The reunion between Jun and Seo-ri is pretty prickly, as usual because "Mirror of the Witch" insists on restarting the plot from scratch for no reason. Fortunately in this case the dynamic is fairly interesting. We see clearly that Seo-ri and especially Yo-gwang (played by Lee Yi-kyung) are just about completely out of patience, and only bothered to save Jun's life in the first place because they are that desperate for useful information.
AdvertisementWhile bad information management has been the big frustrating point of "Mirror of the Witch" to date, it's actually fairly well utilized here in story. Take King Seonjo. He's not really cut out to be king- the guy is only at the bare minimum competence level. But the situation is only made worse by the fact that other characters won't give him the full story on what's going on, forcing King Seonjo to make important decisions on very slight information. It's actually a pretty apt analogy to King Seonjo's more famous leadership failures during the Japanese Invasion.
Other characters also benefit a fair bit from being out of the loop. Heo-ok is, for now, less a serious villain and more just a cog in a very inefficient bureaucratic machine that is very bad at solving problems. Detective Heo-ok obviously has no idea how to properly interrogate a suspect. Here's a hint- if you want actual useful information, positive bargaining tends to be a better strategy than just making threats at random.
This also does a lot to emphasize Hong-joo's rule as the true villain and how, once again, her main useful ability is persuasive arguments rather than magic persay. I'd like to mention, by the way, that her squad of female goons is pretty cool. South Korea is probably one of the best countries to work as a stuntwoman in general, because it seems like every other historical drama has at least one all-woman army.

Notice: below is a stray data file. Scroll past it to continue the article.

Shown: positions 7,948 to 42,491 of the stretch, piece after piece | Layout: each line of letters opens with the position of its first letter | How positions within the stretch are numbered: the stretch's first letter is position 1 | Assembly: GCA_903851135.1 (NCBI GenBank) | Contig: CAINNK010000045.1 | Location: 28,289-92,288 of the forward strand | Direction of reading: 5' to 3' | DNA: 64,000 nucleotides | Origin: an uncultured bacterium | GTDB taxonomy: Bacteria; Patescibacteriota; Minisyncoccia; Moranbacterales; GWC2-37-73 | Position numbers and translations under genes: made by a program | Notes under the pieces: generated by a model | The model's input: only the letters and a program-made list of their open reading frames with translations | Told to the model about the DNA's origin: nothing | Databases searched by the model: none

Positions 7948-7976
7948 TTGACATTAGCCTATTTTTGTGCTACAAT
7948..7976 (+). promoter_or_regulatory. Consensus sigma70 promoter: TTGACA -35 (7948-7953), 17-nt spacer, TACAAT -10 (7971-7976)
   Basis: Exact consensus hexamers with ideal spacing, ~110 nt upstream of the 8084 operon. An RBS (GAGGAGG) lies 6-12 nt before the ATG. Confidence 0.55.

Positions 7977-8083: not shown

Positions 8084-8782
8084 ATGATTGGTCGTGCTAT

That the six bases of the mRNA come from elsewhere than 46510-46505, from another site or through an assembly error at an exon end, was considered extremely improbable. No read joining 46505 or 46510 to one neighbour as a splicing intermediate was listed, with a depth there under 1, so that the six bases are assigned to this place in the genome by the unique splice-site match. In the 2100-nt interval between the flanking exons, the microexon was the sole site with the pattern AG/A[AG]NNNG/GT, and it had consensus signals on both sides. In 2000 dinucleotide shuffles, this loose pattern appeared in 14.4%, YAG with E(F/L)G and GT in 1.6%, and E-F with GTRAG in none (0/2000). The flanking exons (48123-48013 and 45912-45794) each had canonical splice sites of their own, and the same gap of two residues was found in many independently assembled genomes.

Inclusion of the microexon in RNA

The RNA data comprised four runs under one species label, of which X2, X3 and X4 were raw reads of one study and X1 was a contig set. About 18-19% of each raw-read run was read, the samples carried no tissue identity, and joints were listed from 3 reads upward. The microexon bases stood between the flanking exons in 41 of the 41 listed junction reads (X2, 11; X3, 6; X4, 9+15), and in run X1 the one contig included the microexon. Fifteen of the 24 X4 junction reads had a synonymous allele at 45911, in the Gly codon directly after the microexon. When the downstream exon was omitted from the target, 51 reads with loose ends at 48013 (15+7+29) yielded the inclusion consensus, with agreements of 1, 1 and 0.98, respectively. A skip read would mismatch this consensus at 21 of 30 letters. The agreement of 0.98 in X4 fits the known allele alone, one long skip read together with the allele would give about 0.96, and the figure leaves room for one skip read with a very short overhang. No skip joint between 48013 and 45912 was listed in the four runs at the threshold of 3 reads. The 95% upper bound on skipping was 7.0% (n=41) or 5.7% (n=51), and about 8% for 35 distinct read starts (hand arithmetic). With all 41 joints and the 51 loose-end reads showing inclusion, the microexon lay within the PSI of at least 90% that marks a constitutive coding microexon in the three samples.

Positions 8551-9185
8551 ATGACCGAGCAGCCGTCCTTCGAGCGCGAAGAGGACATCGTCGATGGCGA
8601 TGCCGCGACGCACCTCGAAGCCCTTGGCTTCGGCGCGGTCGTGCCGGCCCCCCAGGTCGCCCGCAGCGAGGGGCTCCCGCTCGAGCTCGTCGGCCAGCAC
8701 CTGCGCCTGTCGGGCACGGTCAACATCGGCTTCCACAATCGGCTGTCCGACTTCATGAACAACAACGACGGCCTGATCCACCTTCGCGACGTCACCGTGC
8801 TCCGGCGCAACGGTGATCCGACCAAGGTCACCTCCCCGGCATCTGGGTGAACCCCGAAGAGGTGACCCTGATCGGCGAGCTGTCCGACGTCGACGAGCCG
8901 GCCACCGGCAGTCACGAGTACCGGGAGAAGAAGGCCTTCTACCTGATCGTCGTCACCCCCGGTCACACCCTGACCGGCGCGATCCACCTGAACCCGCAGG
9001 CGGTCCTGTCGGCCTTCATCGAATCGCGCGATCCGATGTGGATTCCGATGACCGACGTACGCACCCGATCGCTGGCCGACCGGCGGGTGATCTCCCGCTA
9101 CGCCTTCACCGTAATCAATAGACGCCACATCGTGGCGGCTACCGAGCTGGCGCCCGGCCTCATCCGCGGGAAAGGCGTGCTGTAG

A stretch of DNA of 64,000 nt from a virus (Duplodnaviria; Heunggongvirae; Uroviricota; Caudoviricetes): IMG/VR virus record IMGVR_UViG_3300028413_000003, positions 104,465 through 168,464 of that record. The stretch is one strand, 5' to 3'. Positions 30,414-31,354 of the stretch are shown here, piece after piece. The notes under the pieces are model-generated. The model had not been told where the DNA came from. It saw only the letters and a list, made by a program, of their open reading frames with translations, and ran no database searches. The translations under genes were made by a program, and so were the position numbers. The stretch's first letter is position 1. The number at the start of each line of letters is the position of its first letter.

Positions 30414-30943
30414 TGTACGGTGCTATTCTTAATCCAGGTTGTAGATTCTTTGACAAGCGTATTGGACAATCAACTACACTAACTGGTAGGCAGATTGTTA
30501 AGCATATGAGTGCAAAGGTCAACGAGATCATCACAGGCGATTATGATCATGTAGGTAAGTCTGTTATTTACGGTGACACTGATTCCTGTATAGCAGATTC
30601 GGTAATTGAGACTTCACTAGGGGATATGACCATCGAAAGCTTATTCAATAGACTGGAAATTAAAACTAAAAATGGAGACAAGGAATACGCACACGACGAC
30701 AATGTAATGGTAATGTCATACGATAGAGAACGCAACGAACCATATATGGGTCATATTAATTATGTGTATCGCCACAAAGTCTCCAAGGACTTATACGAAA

So overall "Mirror of the Witch" is back to the good stuff- more emphasis on character flaws, less on convoluted plots. The production values are pretty decent overall too. Take a gander at Yeon-hee's hideaway and observe just how cool it looks. I wonder where that set is located, and if it involves a real tree. Other more humorous elements are also quite well-done. The brief obsession over Yoon Si-yoon's bare chest may feel completely out of place, but it has just barely enough relevance to still be pretty funny.
Review by William Schwartz
Staff writer. Has been writing articles for HanCinema since 2012, having lived in South Korea since 2011. Started out in Gyeongju, then to Daegu, then to Ansan, then to Yeongju, then to Seoul, lived on the road for HanCinema's travel diaries series in the summer of 2016, and is currently settled in Anyang. Has good tips for utilizing South Korea's public bus system. William Schwartz can be contacted via email@example.com. He also has a substack at williamschwartz.substack.com where he discusses the South Korean film industry in broader terms and takes suggestions for future movies to review.
"[HanCinema's Drama Review] "Mirror of the Witch" Episode 7"
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